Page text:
Players' brains to help concussion study

Updated: February 1, 2010, 12:36 PM ET
Associated Press

BOSTON -- Pro Football Hall of Famer Mike Haynes and current Chicago Bears linebacker Hunter Hillenmeyer are among more than a dozen NFL players who have pledged to donate their brain and spinal cord tissue for concussion research.

Retired players Zach Thomas, Kyle Turley and Conrad Dobler also have said they'll help the Center for the Study of Traumatic Encephalopathy at Boston University School of Medicine.

The wife of Hall of Famer John Mackey pledged to donate his brain after his death. Mackey has dementia.

In December, the NFL and its players association said they would support the center's research and encourage players to participate. The NFL said it was willing to give $1 million or more to the center.

Current NFL players Sean Morey of the Cardinals, Matt Birk of the Ravens, and Lofa Tatupu of the Seahawks earlier had agreed to donate their brain for research.

"The only way we will truly understand the long-term effects of repetitive head trauma in football is to study a large group of athletes throughout their lives and then examine their brains following death," said Dr. Robert Stern, a co-director of the center.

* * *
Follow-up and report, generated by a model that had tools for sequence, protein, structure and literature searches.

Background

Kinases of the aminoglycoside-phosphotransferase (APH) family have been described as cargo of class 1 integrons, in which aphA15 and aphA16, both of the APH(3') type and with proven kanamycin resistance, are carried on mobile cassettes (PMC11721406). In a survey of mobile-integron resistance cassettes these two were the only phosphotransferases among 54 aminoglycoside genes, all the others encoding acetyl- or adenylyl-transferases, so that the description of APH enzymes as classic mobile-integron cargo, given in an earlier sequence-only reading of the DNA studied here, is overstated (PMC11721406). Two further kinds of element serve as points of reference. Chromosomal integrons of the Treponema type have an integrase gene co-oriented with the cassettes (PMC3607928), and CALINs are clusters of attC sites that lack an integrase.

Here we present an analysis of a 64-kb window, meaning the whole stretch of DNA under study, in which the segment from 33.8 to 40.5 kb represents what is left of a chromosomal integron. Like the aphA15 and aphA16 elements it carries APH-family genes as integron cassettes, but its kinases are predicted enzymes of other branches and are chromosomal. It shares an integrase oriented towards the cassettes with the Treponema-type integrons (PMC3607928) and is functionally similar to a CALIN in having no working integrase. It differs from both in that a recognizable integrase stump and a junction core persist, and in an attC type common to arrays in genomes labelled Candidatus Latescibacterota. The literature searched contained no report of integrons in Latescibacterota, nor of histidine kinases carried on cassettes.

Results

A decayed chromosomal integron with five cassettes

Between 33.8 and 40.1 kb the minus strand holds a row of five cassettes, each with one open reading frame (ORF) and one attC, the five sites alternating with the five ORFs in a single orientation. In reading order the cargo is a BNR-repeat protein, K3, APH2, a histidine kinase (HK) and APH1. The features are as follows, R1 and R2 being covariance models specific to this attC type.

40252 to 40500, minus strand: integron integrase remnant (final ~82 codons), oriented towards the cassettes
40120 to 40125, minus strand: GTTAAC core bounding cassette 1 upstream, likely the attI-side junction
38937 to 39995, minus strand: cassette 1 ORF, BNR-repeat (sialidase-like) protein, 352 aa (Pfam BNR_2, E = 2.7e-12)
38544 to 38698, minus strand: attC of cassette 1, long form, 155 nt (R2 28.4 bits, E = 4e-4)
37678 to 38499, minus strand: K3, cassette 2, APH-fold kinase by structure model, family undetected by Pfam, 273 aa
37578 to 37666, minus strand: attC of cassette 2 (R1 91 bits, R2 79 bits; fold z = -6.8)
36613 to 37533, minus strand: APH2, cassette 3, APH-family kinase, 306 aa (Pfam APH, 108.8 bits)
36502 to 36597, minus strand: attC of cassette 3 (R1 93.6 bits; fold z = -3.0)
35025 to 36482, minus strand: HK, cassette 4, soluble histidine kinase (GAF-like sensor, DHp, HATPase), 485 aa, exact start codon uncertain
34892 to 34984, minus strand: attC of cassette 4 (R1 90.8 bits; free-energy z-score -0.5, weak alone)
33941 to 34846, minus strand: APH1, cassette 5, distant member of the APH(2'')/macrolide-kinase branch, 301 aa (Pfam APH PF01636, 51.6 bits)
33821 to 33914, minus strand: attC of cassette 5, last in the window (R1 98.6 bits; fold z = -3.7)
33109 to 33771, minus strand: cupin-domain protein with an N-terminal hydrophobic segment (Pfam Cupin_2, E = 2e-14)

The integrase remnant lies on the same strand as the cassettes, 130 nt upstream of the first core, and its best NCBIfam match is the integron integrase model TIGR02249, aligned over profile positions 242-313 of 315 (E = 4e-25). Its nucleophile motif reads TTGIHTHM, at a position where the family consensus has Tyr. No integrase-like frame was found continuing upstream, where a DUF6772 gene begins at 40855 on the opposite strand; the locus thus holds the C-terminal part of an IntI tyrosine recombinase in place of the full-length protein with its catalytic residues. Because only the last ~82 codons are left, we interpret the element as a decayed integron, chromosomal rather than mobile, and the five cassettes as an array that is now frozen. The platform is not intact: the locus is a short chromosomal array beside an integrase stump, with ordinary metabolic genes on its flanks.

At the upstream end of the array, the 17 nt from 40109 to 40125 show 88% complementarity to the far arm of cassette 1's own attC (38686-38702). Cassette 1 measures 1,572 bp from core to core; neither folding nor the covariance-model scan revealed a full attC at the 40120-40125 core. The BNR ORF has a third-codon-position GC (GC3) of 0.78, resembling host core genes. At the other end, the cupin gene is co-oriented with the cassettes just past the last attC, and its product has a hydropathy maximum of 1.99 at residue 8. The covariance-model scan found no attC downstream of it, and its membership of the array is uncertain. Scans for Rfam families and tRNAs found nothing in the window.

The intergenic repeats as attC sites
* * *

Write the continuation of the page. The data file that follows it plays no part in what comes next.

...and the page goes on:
The BU brain researchers have said they found links between repeated head trauma and brain damage in boxers, football players and a former NHL player -- and the group has been critical of the NFL's stance on concussions.

NFL commissioner Roger Goodell met in October with a member of the center to discuss concussions and the BU project.

The NFL took several steps this season to ramp up its attention to concussions in the aftermath of a congressional hearing on the topic and as high-profile players such as Ben Roethlisberger, Kurt Warner, Clinton Portis and Brian Westbrook were sidelined by head injuries.

The league's steps included stricter return-to-play guidelines detailing what symptoms preclude someone from participating in games or practices; a mandate that each team select a league- and union-approved independent neurologist to be consulted when players get concussions; and the departure of the two co-chairmen of the NFL's committee on brain trauma.


Copyright 2010 by The Associated Press

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